Dual booting means installing two operating systems on your computer and at startup choosing which one to launch.
You can in fact install any combination of Windows XP, Windows Vista, Windows 7, older versions of Windows, Linux and even an Apple OS.
To keep things simple this article concentrates on how to add Windows Vista to a Windows XP system.
You must install Windows Vista on a separate partition on your hard drive (or even on a second hard drive).
To find out if your PC has a spare partition open My Computer and see if there are multiple drive icons.You should now check the size of the extra partition by clicking the drive icon and seeing the display (just hovering over the icon will also show the free space and total size) e.g.
File System NTFS
Free Space 20.3GB
Total Size 50.7GB
It is the total size of the partition that matters i.e. 50.7GB in the example shown above. You will need a good sized partition, at least 20GB or more, depending on how many programs you will install later.
If you need to create a new partition see our article Why should you Partition your Hard Drive?
Once you have your partition, you can install Vista in one of two ways: either start the install from within XP (telling Vista to not perform an upgrade) or you can boot with the Vista DVD, making sure that your BIOS is configured to boot to your DVD drive before anything else.
At QBS PC Help we always prefer to boot from the DVD. The main reason for this is that you don't have to worry about any interference from programs running in the background on your XP installation (e.g. anti virus, anti-spyware, firewall, desktop search etc).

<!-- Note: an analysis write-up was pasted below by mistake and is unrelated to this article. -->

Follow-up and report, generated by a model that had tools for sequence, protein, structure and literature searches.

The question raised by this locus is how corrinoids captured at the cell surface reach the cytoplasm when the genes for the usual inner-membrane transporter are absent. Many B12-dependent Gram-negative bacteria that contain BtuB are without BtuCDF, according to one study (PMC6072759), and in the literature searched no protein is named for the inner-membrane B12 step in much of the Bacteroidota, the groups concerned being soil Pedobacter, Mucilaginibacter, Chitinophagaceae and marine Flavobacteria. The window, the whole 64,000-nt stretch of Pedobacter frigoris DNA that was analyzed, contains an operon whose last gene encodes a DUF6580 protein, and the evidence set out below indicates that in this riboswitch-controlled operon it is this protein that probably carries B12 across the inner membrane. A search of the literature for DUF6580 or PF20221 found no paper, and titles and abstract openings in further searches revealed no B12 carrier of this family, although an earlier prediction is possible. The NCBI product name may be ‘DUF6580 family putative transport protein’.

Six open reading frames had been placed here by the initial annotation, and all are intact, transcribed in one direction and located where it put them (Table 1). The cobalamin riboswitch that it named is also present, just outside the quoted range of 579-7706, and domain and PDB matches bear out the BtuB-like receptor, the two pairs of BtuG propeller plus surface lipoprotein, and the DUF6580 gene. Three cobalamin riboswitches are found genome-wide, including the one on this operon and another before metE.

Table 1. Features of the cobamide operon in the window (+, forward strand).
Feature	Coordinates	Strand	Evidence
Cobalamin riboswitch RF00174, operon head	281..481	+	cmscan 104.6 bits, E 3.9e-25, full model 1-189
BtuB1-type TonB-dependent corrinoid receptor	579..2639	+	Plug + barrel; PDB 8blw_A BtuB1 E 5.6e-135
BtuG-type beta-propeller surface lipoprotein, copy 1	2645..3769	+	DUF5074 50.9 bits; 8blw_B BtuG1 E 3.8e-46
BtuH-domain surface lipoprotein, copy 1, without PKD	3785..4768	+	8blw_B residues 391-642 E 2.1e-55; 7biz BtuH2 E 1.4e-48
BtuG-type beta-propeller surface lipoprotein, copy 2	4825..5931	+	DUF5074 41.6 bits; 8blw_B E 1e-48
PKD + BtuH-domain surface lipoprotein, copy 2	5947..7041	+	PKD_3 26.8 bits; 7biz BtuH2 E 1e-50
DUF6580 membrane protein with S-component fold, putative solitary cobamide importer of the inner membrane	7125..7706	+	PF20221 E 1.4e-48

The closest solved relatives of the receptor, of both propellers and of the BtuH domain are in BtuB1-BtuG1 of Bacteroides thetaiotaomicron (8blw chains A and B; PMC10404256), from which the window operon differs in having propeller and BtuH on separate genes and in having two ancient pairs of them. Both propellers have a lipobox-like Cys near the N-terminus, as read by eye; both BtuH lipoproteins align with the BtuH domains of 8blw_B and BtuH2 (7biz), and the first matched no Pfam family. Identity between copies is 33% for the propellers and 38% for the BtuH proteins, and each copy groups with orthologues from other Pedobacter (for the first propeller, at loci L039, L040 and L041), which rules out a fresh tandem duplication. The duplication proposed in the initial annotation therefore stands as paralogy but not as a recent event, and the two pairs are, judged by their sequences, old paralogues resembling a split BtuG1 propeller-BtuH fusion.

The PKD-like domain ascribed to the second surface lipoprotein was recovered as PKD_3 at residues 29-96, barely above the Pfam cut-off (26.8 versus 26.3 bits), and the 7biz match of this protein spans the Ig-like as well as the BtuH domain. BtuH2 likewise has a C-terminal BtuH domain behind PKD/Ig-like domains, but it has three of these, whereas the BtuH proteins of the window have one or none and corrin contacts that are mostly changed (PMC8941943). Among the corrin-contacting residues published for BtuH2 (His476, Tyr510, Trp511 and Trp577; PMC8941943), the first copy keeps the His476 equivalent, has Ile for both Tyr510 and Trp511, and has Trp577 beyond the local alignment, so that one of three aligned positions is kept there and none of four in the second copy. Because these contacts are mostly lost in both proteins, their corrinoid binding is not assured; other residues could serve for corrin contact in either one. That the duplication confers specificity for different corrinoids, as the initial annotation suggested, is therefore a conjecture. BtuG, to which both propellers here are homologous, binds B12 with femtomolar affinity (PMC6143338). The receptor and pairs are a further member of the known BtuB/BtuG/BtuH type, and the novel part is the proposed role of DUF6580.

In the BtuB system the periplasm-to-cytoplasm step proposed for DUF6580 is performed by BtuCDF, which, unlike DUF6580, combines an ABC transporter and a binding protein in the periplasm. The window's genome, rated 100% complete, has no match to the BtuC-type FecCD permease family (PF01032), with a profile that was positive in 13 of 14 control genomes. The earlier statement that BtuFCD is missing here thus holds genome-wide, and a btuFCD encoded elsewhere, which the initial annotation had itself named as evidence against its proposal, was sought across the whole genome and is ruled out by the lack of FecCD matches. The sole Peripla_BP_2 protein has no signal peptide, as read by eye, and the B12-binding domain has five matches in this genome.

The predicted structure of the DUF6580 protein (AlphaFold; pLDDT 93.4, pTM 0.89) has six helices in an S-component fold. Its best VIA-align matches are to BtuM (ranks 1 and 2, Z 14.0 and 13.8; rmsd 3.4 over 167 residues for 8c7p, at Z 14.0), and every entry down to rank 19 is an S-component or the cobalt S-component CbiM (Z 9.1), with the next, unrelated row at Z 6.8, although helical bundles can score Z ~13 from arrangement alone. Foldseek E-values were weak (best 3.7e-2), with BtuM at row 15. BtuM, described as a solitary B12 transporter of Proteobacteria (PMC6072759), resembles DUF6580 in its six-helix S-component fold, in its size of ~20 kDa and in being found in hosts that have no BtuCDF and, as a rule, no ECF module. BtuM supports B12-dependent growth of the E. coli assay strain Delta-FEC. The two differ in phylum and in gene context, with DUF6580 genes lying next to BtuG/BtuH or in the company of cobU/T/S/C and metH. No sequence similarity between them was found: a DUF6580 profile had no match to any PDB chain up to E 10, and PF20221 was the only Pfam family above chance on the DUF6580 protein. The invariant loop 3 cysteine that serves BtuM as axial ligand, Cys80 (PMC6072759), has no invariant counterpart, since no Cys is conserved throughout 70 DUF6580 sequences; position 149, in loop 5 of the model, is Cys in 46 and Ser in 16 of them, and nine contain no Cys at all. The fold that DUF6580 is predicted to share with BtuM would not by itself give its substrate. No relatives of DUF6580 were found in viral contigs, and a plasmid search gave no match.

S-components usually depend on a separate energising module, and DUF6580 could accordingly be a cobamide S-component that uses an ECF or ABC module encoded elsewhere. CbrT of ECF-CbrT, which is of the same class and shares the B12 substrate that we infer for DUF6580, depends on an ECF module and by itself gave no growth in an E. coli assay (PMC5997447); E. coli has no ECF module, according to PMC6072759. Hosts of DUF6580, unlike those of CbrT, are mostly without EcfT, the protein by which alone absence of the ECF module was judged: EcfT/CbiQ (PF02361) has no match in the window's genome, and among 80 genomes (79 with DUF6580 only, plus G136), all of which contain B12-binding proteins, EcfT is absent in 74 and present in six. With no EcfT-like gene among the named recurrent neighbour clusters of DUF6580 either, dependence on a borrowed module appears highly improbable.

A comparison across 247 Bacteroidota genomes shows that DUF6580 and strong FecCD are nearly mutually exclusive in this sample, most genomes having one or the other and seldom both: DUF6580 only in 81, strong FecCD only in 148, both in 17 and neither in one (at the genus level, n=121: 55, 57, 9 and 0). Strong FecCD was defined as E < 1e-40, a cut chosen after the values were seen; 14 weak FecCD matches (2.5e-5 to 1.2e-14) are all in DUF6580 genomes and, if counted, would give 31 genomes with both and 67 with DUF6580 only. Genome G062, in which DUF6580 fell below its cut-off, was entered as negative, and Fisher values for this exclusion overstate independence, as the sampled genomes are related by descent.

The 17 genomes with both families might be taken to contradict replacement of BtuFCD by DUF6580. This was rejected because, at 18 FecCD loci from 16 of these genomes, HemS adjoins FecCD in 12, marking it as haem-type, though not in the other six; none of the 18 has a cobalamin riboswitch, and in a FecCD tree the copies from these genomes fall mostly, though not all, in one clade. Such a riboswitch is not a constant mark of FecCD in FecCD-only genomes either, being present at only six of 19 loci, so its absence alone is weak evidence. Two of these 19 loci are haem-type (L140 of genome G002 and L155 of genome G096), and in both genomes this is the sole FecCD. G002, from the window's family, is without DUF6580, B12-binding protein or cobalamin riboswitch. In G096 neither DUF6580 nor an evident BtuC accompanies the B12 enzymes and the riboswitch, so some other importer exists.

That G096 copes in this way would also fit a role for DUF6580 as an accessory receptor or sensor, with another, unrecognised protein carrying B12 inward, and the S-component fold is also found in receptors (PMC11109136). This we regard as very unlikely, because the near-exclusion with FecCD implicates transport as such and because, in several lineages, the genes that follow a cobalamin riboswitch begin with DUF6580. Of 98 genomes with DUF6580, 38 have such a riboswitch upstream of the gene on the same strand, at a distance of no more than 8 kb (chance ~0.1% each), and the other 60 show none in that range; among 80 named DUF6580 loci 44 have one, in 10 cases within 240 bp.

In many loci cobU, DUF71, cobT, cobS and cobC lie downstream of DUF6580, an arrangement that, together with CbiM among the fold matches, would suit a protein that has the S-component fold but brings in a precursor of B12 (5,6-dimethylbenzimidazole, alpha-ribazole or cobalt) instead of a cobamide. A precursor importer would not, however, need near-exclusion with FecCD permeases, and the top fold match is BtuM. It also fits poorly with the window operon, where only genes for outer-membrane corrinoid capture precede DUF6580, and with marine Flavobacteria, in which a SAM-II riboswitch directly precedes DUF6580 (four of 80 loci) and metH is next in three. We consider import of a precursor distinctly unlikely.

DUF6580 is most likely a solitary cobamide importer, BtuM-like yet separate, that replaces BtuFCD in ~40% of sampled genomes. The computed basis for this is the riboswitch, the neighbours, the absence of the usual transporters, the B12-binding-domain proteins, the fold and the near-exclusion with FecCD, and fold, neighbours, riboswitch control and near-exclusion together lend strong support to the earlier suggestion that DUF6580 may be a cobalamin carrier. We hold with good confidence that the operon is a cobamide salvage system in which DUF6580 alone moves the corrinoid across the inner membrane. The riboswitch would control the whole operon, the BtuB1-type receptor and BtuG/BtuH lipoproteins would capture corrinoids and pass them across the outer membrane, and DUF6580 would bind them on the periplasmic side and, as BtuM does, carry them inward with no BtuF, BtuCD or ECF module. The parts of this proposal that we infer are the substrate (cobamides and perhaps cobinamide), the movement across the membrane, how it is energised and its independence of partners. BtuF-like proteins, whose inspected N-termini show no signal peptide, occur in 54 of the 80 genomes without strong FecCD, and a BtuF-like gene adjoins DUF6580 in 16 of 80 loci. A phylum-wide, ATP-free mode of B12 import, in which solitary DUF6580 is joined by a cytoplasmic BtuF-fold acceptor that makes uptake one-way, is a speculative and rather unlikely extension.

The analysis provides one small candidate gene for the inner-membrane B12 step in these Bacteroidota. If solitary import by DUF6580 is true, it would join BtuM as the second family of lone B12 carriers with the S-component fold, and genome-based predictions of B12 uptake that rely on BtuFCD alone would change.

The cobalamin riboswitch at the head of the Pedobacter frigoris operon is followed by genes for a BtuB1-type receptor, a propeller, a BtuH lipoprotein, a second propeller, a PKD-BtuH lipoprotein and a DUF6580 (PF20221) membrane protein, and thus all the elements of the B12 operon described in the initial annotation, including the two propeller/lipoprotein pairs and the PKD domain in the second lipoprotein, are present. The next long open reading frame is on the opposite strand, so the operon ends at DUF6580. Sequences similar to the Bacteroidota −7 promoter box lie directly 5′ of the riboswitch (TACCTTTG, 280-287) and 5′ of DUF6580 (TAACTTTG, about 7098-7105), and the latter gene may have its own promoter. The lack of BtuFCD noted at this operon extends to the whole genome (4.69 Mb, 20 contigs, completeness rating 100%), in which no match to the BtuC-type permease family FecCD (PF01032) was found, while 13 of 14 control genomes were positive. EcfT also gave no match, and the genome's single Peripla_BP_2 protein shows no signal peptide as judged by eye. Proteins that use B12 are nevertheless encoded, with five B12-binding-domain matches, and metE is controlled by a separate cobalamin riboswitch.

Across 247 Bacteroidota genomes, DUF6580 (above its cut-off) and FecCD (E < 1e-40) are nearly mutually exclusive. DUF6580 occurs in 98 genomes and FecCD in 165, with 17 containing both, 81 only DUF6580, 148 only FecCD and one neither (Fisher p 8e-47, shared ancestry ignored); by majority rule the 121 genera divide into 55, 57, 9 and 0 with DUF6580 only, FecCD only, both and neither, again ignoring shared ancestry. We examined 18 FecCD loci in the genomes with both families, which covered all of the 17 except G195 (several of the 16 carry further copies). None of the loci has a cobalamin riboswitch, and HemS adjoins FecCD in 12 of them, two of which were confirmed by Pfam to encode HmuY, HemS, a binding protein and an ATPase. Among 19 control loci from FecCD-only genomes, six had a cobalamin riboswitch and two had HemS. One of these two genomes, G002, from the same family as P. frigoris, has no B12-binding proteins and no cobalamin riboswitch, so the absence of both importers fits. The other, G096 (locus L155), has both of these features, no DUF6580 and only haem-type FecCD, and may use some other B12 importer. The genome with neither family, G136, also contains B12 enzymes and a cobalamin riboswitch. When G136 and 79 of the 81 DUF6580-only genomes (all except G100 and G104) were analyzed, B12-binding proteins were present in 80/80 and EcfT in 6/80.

Once your PC boots from the DVD, Windows Vista’s Setup will begin loading. You'll be pleased to hear that Vista's installation program is fairly straightforward, and if you have installed XP from scratch before, Vista's initial setup screens will be quite familiar.
When you arrive at the 'Where Do You Want To Install Windows?' page, you will see your second partition or second drive listed. Select the second partition or separate drive (not the C drive) and click next. The rest of the Vista installation will now proceed as normal.
Once the Vista installation is complete, you'll see the Windows Boot Manager screen, as shown below. As you can see, booting either Windows XP (listed as an Earlier Version of Windows) or Windows Vista is a simple menu choice. This menu will appear on the screen for 30 seconds before Windows Boot Manager launches the default operating system, which is of course, Windows Vista.
Windows Vista no longer uses the Boot.ini file. That file and the old underlying boot system has been replaced by a new boot loader/bootmgr, which reads boot configuration data from a special file named BCD. A brand new tool called Bcdedit.exe (Boot Configuration data Store Editor) can be used to make more in-depth changes to the contents of the BCD.
Keep in mind that Bcdedit.exe is a command line tool that operates solely via switches and can be a bit hard to use.
To run the command, from within Vista, to change the description of the Earlier Version of Windows to something more suitable you should do the following:
Another way of accessing the Boot Configuration data Store Editor is to use a free tool called DualBootPRO. This is a graphical interface to the command line tool bcdedit.exe. It allows you to make changes to the Windows boot manager such as boot order, time to boot, Operating System listing name and more.
As you can see from the screen shot It has a simple, tabbed interface.
Read more articles about PC repairs, Web design & SEO